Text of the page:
Breast Cancer Screening and Diagnosis
Our team of breast radiologists and breast pathologists specializes in diagnosing breast cancer. Their proficiency enables them to define the precise features of your tumor so that our breast cancer care team can create a personalized treatment plan for you.
Together, breast radiologists, breast pathologists, breast surgical oncologists, breast medical oncologists and breast radiation oncologists determine which tests are needed for a definitive diagnosis. This multidisciplinary team develops the best breast cancer treatment options based on your tumor and your needs.
How is breast cancer diagnosed?
Our breast cancer specialists are dedicated to providing comprehensive diagnostic services for patients with breast cancer.
We have the experience and expertise to provide the highest quality care. Our breast cancer specialists evaluate thousands of patients for breast cancer each year.
Our team of radiologists and pathologists specializes in diagnosing breast cancer. Their proficiency enables them to define the precise features of a patient’s tumor so that our cancer care teams can create a personalized treatment plan for each patient.
- Board-certified and fellowship-trained
Our board-certified, fellowship-trained radiologists specialize in breast disease diagnosis and offer the most advanced technologies and techniques available in the Kansas City region. Our comprehensive breast imaging services combine the latest techniques for noninvasive imaging with compassionate patient care.
Telehealth cancer second opinion
Telehealth cancer second opinions allow you to meet with a team of multidisciplinary breast cancer specialists from the comfort of your home. During the visit, you can confirm an initial diagnosis, ask questions and explore your treatment options.
Advances in breast imaging
Breast cancer screening
Mammograms (X-ray images of the breast) are the most common screening test for breast cancer. 3D mammograms are the most advanced technology available for mammogram screening. We use digital mammograms, which provide a clear 3D image to show any abnormalities that may need further evaluation. Your doctor may suggest a mammogram as a screening test even if you don’t have any symptoms of breast cancer. Mammograms can show cysts, lumps or breast cancer even before you can feel them.
There are 2 types of mammograms:
- Screening mammograms help identify breast tissue changes in women without any signs of breast cancer. The University of Kansas Cancer Center recommends that annual mammogram screenings start at age 40.
- Diagnostic mammograms help your doctor diagnose abnormal changes in breast tissue, such as a lump or a change in breast size or shape. Diagnostic mammograms include more images than screening mammograms. Your doctor may also use a diagnostic mammogram to further enhance images that appeared in a screening mammogram.
Your doctor may include these imaging tests to help diagnose your breast cancer:
- 3D mammogram uses compression and X-rays to create 3D images of your breast. 3D mammograms, which we recommend to all of our patients, make it possible for radiologists to detect the difference between cancerous and noncancerous breast tissue, especially in dense breast tissue.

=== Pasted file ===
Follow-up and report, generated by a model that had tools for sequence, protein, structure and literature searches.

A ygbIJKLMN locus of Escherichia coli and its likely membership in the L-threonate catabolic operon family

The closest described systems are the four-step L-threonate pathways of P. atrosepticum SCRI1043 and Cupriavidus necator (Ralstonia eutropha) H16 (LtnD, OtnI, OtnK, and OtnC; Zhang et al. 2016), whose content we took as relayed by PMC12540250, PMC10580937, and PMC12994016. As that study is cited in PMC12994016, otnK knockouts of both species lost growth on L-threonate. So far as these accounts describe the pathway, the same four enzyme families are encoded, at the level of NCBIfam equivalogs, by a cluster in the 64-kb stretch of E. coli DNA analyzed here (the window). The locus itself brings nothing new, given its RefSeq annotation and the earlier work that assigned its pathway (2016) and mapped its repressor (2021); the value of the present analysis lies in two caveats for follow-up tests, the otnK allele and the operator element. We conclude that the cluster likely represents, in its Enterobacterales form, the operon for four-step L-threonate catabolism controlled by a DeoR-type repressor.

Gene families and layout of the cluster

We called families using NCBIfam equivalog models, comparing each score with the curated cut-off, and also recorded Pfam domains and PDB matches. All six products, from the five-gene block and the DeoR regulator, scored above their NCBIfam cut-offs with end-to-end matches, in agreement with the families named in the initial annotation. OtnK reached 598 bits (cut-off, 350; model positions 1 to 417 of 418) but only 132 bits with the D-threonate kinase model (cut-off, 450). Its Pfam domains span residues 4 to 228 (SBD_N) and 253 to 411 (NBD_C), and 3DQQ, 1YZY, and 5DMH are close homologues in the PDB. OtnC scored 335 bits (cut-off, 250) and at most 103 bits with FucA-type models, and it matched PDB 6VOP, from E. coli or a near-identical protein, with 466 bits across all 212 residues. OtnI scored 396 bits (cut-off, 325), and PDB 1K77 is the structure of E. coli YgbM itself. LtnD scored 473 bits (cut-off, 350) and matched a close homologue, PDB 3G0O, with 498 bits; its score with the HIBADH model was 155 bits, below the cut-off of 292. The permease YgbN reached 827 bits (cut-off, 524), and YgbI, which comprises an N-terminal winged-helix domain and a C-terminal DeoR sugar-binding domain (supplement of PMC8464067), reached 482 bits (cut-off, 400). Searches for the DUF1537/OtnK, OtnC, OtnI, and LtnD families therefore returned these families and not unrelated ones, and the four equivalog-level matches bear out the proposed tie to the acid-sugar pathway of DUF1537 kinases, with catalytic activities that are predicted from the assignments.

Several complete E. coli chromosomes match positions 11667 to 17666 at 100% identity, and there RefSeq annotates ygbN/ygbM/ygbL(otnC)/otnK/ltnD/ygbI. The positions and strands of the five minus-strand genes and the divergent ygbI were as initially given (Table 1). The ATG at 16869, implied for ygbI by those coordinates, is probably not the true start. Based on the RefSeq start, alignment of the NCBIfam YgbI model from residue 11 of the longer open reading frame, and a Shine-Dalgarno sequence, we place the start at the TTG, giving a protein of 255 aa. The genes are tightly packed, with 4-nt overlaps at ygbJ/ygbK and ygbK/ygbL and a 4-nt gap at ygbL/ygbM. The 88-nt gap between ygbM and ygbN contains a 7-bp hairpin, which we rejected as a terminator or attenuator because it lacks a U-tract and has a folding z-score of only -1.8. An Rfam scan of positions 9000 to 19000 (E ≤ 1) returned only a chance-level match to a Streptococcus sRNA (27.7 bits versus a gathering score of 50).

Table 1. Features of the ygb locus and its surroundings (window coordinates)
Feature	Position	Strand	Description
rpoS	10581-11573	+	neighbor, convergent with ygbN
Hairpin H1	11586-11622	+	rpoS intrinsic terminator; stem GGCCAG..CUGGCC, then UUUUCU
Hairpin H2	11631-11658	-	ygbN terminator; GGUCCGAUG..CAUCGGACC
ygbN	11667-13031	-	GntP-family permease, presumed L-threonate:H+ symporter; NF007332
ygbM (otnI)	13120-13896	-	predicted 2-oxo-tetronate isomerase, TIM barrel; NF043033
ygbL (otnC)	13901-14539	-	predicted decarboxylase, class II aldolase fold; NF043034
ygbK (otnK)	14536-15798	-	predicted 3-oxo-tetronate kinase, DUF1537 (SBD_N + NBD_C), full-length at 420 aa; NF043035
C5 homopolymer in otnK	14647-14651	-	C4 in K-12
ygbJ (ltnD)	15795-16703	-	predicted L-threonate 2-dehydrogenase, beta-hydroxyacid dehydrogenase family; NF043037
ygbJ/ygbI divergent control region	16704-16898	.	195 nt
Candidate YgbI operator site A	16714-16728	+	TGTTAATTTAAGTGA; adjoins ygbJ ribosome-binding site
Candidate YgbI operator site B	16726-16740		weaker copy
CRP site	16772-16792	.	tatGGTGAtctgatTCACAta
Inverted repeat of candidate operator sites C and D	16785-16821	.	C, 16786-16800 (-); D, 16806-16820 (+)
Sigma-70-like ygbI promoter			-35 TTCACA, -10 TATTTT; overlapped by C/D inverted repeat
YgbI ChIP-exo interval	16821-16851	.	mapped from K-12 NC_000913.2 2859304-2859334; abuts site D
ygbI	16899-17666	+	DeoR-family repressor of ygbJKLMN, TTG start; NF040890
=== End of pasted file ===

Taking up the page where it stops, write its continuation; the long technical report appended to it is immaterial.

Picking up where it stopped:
- Ultrasound helps determine if a suspicious area is fluid-filled (a cyst) or solid (a mass or tumor). If the area is solid, your doctor may follow-up with a biopsy to check for breast cancer cells.
- MRI (magnetic resonance imaging) can further clarify other imaging test results to show whether an abnormality found on a 3D mammogram is solid.
- Abbreviated breast MRI is a sophisticated, highly sensitive screening exam that is used to detect cancer at a very early stage. It is commonly used in people who are at high risk for breast cancer.
- Whole breast screening ultrasound evaluates dense breast tissue and those at higher risk for breast cancer in combination with a 3D mammogram.
If diagnostic imaging tests indicate a breast abnormality, you may require a breast biopsy. Biopsy involves removing a small sample of tissue through one of several techniques. The choice of technique depends on the location and quality of the tissue your doctor needs to examine:
- Core needle biopsy: Takes a larger tissue sample for a definitive diagnosis. This procedure requires local anesthesia and involves withdrawing a thin cylinder from the sample area using a hollow needle.
- Fine needle aspiration: Your doctor inserts a very thin needle into the sample area of the breast to remove fluid and cells for a pathologist to examine.
- Image-guided core needle biopsy: Because it is often impossible to locate a suspicious area through touch, our radiologists use ultrasound, stereotactic (mammographic) imaging or MRI to guide tissue removal using a hollow needle. These are minimally invasive, highly accurate procedures that offer faster healing.
- Surgical biopsy: When imaging and biopsy techniques don’t provide enough information to diagnose or rule out breast cancer, you may require surgery to remove all or part of a suspicious mass.
Pathologists who specialize exclusively in breast cancer examine the tissue samples after they are collected. The pathologist’s findings are critical to determining the best treatment for your cancer. They work closely with your care team, providing consultation to specialists.